Apical localization of the coxsackie-adenovirus receptor by glycosyl-phosphatidylinositol modification is sufficient for adenovirus-mediated gene transfer through the apical surface of human airway epithelia

R. W. Walters, W. Van't Hof, S. M.P. Yi, M. K. Schroth, J. Zabner, Ronald Crystal, M. J. Welsh

Research output: Contribution to journalArticle

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Abstract

In well-differentiated human airway epithelia, the coxsackie B and adenovirus type 2 and 5 receptor (CAR) resides primarily on the basolateral membrane. This location may explain the observation that gene transfer is inefficient when adenovirus vectors are applied to the apical surface. To further test this hypothesis and to investigate requirements and barriers to apical gene transfer to differentiated human airway epithelia, we expressed CAR in which the transmembrane and cytoplasmic tail were replaced by a glycosyl-phosphatidylinositol (GPI) anchor (GPI-CAR). As controls, we expressed wild-type CAR and CAR lacking the cytoplasmic domain (Tailless-CAR). All three constructs enhanced gene transfer with similar efficiencies in fibroblasts. In airway epithelia, GPI-CAR localized specifically to the apical membrane, where it bound adenovirus and enhanced gene transfer to levels obtained when vector was applied to the basolateral membrane. Moreover, GPI-CAR facilitated gene transfer of the cystic fibrosis transmembrane conductance regulator to cystic fibrosis airway epithelia, correcting the Cl- transport defect. In contrast, when we expressed wild-type CAR it localized to the basolateral membrane and failed to increase apical gene transfer. Only a small amount of Tailless-CAR resided in the apical membrane, and the effects on apical virus binding and gene transfer were minimal. These data indicate that binding of adenovirus to an apical membrane receptor is sufficient to mediate effective gene transfer to human airway epithelia and that the cytoplasmic domain of CAR is not required for this process. The results suggest that targeting apical receptors in differentiated airway epithelia may be sufficient for gene transfer in the genetic disease cystic fibrosis.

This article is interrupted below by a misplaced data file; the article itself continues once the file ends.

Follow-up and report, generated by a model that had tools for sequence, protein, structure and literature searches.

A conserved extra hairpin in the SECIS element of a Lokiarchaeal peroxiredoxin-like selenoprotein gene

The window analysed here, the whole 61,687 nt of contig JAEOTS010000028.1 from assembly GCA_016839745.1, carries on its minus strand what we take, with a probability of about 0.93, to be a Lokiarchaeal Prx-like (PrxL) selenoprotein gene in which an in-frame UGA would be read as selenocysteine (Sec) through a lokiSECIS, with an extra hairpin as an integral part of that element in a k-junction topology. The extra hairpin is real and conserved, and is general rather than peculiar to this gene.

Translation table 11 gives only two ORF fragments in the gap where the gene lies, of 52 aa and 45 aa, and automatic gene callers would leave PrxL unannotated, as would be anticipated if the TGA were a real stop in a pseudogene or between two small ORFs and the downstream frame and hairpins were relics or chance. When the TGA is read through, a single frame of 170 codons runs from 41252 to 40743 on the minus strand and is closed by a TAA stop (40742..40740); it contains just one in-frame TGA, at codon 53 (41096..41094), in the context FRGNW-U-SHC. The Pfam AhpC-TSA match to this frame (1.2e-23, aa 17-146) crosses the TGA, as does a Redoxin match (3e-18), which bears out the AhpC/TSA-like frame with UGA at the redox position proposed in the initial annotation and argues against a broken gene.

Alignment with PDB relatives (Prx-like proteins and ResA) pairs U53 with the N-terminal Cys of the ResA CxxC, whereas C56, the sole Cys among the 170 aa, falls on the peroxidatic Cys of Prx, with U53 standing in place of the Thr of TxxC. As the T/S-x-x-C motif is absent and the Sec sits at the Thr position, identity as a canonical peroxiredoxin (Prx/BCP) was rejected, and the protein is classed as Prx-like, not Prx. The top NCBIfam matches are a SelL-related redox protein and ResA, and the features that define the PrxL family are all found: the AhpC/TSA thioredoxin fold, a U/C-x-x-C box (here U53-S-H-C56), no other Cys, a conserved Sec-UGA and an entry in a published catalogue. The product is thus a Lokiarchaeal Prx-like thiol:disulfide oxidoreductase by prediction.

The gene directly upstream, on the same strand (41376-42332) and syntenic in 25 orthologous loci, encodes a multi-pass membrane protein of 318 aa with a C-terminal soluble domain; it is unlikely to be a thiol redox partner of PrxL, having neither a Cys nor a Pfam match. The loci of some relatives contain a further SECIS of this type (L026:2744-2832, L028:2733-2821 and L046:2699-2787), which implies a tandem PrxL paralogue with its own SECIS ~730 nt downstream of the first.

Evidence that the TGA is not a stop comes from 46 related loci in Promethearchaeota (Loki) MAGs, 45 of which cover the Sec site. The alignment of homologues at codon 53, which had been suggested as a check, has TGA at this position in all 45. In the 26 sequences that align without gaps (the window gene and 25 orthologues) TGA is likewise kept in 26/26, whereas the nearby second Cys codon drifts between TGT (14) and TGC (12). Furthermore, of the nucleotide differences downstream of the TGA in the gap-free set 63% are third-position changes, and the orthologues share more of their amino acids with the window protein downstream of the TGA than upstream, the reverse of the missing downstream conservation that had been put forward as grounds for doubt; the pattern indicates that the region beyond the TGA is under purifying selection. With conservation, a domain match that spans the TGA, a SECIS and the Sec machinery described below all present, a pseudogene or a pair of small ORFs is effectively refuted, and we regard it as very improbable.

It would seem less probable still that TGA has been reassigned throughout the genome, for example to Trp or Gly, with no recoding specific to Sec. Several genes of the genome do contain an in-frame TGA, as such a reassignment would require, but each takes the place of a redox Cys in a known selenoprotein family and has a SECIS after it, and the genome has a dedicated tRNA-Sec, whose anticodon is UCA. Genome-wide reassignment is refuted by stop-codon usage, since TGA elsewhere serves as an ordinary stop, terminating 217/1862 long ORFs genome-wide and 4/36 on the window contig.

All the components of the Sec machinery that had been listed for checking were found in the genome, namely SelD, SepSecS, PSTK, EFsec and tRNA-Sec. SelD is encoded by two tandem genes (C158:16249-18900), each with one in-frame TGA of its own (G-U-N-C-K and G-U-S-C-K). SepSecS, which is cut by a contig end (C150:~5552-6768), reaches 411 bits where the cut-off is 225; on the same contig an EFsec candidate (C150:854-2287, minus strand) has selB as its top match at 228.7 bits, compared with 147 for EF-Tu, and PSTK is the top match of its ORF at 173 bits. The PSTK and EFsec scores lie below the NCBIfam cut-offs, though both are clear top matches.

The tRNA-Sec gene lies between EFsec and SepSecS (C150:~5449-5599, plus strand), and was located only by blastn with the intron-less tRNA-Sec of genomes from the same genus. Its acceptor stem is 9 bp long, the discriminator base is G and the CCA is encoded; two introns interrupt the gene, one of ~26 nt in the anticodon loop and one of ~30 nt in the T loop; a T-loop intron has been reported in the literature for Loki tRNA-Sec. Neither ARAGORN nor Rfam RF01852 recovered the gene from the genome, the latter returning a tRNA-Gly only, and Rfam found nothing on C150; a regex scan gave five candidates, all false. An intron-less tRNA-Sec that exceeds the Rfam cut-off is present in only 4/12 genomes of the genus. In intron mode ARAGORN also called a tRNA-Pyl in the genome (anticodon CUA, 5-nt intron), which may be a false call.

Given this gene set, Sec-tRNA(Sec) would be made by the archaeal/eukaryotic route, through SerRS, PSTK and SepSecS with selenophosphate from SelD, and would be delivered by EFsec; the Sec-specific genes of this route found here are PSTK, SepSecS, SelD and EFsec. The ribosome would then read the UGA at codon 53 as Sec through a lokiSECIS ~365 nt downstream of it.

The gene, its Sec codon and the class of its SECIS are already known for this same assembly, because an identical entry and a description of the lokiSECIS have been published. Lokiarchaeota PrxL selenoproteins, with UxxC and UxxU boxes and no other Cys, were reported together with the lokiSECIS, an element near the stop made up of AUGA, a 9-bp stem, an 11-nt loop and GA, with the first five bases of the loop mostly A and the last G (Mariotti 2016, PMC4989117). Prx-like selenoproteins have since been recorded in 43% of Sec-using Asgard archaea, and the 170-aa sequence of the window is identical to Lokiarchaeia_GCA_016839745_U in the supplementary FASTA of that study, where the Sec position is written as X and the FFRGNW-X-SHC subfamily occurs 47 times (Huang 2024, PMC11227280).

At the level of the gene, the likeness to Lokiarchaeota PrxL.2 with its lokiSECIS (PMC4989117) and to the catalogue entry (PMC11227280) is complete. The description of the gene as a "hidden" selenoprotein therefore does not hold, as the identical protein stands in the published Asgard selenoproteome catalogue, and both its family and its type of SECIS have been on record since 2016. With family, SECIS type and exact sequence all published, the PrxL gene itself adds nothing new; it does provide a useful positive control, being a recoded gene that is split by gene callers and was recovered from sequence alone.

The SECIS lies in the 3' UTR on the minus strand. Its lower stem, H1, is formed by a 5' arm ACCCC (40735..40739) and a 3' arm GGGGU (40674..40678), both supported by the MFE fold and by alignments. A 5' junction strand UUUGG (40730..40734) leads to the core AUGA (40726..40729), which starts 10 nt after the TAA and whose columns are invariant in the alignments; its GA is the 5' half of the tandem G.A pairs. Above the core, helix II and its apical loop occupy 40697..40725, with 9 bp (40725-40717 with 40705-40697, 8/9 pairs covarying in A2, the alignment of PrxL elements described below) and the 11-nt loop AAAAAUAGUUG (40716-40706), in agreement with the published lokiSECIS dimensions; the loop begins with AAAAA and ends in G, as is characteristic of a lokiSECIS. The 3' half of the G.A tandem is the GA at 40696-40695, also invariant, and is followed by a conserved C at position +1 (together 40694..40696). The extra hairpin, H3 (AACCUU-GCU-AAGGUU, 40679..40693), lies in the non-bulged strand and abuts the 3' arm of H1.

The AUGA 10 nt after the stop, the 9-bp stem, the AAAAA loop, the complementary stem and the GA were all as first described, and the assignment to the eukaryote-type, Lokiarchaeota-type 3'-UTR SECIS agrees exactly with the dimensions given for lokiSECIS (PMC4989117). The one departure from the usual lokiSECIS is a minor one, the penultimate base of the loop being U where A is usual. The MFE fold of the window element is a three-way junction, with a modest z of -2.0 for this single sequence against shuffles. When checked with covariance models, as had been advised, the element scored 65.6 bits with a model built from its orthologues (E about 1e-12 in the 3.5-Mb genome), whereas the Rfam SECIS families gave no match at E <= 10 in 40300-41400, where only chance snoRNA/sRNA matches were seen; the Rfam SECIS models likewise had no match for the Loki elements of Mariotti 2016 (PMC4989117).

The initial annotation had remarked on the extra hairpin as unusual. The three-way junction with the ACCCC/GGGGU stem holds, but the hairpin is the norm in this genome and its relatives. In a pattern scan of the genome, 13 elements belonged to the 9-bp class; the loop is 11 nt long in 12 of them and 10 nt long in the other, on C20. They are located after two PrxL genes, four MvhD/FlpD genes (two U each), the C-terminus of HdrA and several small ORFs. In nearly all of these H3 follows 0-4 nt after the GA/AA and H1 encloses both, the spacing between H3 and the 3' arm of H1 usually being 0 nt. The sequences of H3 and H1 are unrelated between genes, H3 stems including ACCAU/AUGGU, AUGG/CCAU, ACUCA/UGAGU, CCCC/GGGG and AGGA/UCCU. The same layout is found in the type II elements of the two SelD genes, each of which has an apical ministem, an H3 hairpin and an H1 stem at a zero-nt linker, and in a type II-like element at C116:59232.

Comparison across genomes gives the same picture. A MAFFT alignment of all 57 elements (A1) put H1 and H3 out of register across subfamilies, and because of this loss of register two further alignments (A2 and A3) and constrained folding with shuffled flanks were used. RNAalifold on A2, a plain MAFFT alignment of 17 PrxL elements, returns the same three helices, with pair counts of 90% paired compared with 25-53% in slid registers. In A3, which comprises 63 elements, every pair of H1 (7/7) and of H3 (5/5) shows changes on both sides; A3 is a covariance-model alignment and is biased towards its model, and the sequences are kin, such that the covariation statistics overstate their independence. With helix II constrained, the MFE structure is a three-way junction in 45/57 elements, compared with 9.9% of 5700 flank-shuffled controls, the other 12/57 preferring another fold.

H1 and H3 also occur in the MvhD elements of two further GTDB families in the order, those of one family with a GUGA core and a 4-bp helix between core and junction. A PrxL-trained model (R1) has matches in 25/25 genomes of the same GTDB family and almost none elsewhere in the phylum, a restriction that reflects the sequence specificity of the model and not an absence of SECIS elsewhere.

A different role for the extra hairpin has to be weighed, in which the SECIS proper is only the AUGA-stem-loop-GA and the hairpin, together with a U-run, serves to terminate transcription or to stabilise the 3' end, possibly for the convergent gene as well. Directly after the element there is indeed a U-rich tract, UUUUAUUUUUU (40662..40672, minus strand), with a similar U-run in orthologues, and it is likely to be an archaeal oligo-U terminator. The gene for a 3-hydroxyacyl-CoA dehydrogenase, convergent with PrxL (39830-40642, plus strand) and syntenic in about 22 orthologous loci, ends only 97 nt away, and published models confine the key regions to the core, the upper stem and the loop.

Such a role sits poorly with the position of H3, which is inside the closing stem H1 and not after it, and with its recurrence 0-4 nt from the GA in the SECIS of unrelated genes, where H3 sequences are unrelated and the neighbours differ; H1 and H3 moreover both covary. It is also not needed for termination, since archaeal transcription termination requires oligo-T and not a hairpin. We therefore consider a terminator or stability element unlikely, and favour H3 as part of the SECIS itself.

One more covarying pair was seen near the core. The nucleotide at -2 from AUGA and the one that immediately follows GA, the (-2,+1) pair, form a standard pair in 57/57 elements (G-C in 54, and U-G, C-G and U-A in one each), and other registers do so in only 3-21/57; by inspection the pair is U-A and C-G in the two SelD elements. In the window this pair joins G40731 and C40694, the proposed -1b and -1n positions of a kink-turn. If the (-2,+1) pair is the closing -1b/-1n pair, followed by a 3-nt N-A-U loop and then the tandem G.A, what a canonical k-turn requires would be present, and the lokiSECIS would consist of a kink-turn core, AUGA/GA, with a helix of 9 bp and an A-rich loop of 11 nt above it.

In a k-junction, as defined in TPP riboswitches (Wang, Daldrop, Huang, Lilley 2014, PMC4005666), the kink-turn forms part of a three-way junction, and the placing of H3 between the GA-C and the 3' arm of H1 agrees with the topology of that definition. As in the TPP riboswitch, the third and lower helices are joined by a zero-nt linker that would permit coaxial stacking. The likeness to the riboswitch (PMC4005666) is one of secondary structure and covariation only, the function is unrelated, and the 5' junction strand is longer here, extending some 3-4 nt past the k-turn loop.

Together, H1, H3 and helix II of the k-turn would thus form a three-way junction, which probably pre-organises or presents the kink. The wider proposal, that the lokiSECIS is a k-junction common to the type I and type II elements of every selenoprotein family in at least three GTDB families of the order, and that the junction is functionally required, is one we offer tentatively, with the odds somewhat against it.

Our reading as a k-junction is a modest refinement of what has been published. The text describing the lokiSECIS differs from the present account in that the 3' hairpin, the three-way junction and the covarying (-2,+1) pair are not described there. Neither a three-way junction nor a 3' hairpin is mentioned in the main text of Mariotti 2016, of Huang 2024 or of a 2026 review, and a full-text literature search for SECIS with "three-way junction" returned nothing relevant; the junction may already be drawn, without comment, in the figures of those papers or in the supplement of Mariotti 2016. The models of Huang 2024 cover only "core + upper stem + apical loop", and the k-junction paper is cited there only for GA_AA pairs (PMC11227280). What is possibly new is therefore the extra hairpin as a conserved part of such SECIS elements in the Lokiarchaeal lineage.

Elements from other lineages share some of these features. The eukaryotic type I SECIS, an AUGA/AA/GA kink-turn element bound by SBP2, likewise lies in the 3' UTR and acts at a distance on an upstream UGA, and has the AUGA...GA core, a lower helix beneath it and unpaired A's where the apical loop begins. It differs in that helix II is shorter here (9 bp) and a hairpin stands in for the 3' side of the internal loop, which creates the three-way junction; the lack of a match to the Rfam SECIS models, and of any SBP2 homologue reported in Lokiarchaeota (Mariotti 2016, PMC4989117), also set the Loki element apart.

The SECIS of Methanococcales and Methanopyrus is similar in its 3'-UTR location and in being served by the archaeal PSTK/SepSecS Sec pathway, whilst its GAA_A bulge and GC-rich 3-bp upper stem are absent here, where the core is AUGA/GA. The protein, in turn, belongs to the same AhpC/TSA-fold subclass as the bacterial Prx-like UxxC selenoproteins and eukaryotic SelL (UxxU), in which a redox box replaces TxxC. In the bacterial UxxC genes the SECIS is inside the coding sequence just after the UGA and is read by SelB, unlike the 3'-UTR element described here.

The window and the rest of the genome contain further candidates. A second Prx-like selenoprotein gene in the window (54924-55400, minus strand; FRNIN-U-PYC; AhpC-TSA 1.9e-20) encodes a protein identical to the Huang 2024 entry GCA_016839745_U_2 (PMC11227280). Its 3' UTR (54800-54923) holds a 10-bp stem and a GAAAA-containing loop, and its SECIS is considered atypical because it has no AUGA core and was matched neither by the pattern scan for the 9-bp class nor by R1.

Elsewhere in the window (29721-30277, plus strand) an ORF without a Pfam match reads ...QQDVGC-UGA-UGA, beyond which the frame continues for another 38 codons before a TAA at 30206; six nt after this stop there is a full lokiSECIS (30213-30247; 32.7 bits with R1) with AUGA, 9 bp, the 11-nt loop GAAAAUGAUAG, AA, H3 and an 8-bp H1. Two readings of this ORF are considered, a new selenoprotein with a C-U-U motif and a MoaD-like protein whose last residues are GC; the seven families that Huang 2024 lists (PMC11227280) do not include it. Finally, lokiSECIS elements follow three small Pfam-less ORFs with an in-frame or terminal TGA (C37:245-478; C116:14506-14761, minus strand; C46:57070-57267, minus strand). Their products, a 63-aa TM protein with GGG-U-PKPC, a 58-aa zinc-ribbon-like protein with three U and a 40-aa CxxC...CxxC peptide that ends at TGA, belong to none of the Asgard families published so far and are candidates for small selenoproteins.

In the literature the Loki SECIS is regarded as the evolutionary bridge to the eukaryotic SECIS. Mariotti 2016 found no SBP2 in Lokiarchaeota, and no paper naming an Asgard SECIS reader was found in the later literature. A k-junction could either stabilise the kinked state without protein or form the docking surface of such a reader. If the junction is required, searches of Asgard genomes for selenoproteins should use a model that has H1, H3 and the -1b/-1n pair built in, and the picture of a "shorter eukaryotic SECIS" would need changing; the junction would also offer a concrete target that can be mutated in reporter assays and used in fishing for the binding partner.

Original languageEnglish
Pages (from-to)7703-7711
Number of pages9
JournalJournal of Virology
Volume75
Issue number16
DOIs
Publication statusPublished - 22 Aug 2001
Externally publishedYes

Fingerprint

Coxsackie and Adenovirus Receptor-Like Membrane Protein
Glycosylphosphatidylinositols
phosphatidylinositols
Adenoviridae
gene transfer
epithelium
Epithelium
receptors
Genes
Membranes
cystic fibrosis
Cystic Fibrosis
Virus Attachment
Cystic Fibrosis Transmembrane Conductance Regulator
Inborn Genetic Diseases
genetic disorders
fibroblasts
Tail
tail
Fibroblasts

ASJC Scopus subject areas

  • Microbiology
  • Immunology
  • Insect Science
  • Virology

Cite this

Apical localization of the coxsackie-adenovirus receptor by glycosyl-phosphatidylinositol modification is sufficient for adenovirus-mediated gene transfer through the apical surface of human airway epithelia. / Walters, R. W.; Van't Hof, W.; Yi, S. M.P.; Schroth, M. K.; Zabner, J.; Crystal, Ronald; Welsh, M. J.

In: Journal of Virology, Vol. 75, No. 16, 22.08.2001, p. 7703-7711.

Research output: Contribution to journalArticle

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